Fertility

Many women who are diagnosed with womb cancer have finished their family. And many will have been through the menopause. For those who are able to, and would like to have children it will be difficult to cope with a diagnosis. The treatments for womb cancer do affect your ability to have children.

How treatment can affect fertility

Womb cancer most commonly affects women who have gone through their menopause. More rarely, it can affect younger women who still want to have children. Most treatment for womb cancer will affect your fertility and mean that you are unable to have children.

The main treatments for womb cancer are surgery and radiotherapy. Some also need cancer drug treatment with chemotherapy or targeted treatments. These can also affect fertility.

Is it possible to have treatment that doesn’t affect my fertility?

Most women need to have surgery straight away.

For a very few it may be possible to postpone surgery until you have had children. Researchers have been looking into this. If you have an early cancer that is slow growing hormone treatment might help to shrink the cancer. For some people it might get rid of it.

Surgery is a very successful treatment. It gets rid of the cancer for almost all women with early stage cancers. Having hormone treatment instead means that there is a risk of the cancer not shrinking and continuing to grow. Research shows that the cancer grows in 26 out of 100 people who have the hormone treatment like this.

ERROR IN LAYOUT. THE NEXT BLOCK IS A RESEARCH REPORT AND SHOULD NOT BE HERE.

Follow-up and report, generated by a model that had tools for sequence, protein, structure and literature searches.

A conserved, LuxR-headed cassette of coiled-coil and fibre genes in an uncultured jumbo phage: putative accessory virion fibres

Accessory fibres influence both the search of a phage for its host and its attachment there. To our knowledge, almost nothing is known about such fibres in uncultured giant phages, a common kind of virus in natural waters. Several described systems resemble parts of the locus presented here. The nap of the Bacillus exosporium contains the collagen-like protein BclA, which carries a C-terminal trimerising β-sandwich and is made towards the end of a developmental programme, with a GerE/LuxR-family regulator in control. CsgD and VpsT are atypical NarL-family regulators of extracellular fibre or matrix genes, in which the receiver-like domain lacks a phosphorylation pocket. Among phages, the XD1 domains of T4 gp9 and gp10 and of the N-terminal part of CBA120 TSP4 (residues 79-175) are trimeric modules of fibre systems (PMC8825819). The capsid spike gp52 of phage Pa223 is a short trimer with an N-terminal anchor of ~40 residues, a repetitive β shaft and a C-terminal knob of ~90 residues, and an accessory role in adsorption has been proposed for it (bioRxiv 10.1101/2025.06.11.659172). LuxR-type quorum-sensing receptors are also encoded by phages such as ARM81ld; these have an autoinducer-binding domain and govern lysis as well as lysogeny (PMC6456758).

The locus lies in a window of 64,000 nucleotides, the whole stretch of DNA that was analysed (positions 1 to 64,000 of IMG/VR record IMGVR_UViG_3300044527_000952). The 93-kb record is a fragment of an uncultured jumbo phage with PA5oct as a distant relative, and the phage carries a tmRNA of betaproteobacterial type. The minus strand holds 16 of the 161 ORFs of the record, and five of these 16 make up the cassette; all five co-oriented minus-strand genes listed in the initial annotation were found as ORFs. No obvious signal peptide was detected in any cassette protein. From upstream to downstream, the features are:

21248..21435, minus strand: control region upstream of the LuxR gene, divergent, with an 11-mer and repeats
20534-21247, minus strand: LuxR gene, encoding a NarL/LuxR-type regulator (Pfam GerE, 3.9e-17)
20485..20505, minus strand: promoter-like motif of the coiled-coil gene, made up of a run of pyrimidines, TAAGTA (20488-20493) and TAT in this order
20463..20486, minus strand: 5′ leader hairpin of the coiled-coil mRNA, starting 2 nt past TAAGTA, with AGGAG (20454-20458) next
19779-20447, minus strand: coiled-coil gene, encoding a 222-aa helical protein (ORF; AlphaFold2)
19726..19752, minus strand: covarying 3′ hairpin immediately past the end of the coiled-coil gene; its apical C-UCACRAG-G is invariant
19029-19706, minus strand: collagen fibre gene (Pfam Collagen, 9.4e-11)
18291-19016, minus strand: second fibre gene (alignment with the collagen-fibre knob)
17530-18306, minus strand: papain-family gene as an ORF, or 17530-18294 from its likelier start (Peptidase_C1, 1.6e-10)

Talk to your doctor about whether having hormone treatment is possible for you. It is important to understand the risks of not having surgery and weighing that against having a family.

The British Gynaecological Cancer Society guidelines recommend that women have treatment in a specialist centre. They also suggest extra tests including an MRI scan. This is to check how big the cancer is and to try to work out your risk of the cancer growing.

If you are able to have this treatment you will need to have regular tests to check for cancer. This includes regularly taking a tissue samples from your womb during the first year. The following years you will need them twice a year.

If the cancer grows or comes back, you will need to have surgery. And when you have finished your family your doctor will recommend you have surgery to remove your womb.

Coping

Not being able to become pregnant and give birth can be quite a shock. You might need time to come to terms with your loss of fertility and to deal with the feelings that come with a natural change of life as well as a diagnosis of cancer. This can even be true if you have had your menopause and could no longer become pregnant. It can feel like the end of a particular phase of life.

Many women feel a great sense of loss if they have to have their womb removed. Some find the operation makes them feel less feminine. 

Talk to your GP, nurse or consultant if you feel you need some help. A support group might be helpful. Or you could think about counselling.

Last reviewed: 
30 Jan 2022
Next review due: 
10 Feb 2024
  • British Gynaecological Cancer Society Uterine Guidelines: Recommendations for practice
    Sudha Sundar and others
    Eur J Obstet Gynecol Reprod Biol. 2017 Jun;213:71-97

  • Cancer and its management (7th edition)
    J Tobias and D Hochhauser
    Blackwell, 2015

  • Cancer. Principles and practice of oncology (10th edition)
    VT De Vita, S Hellman and SA Rosenberg
    Lippincott, Williams and Wilkins, 2015, p 1048-1064

Related links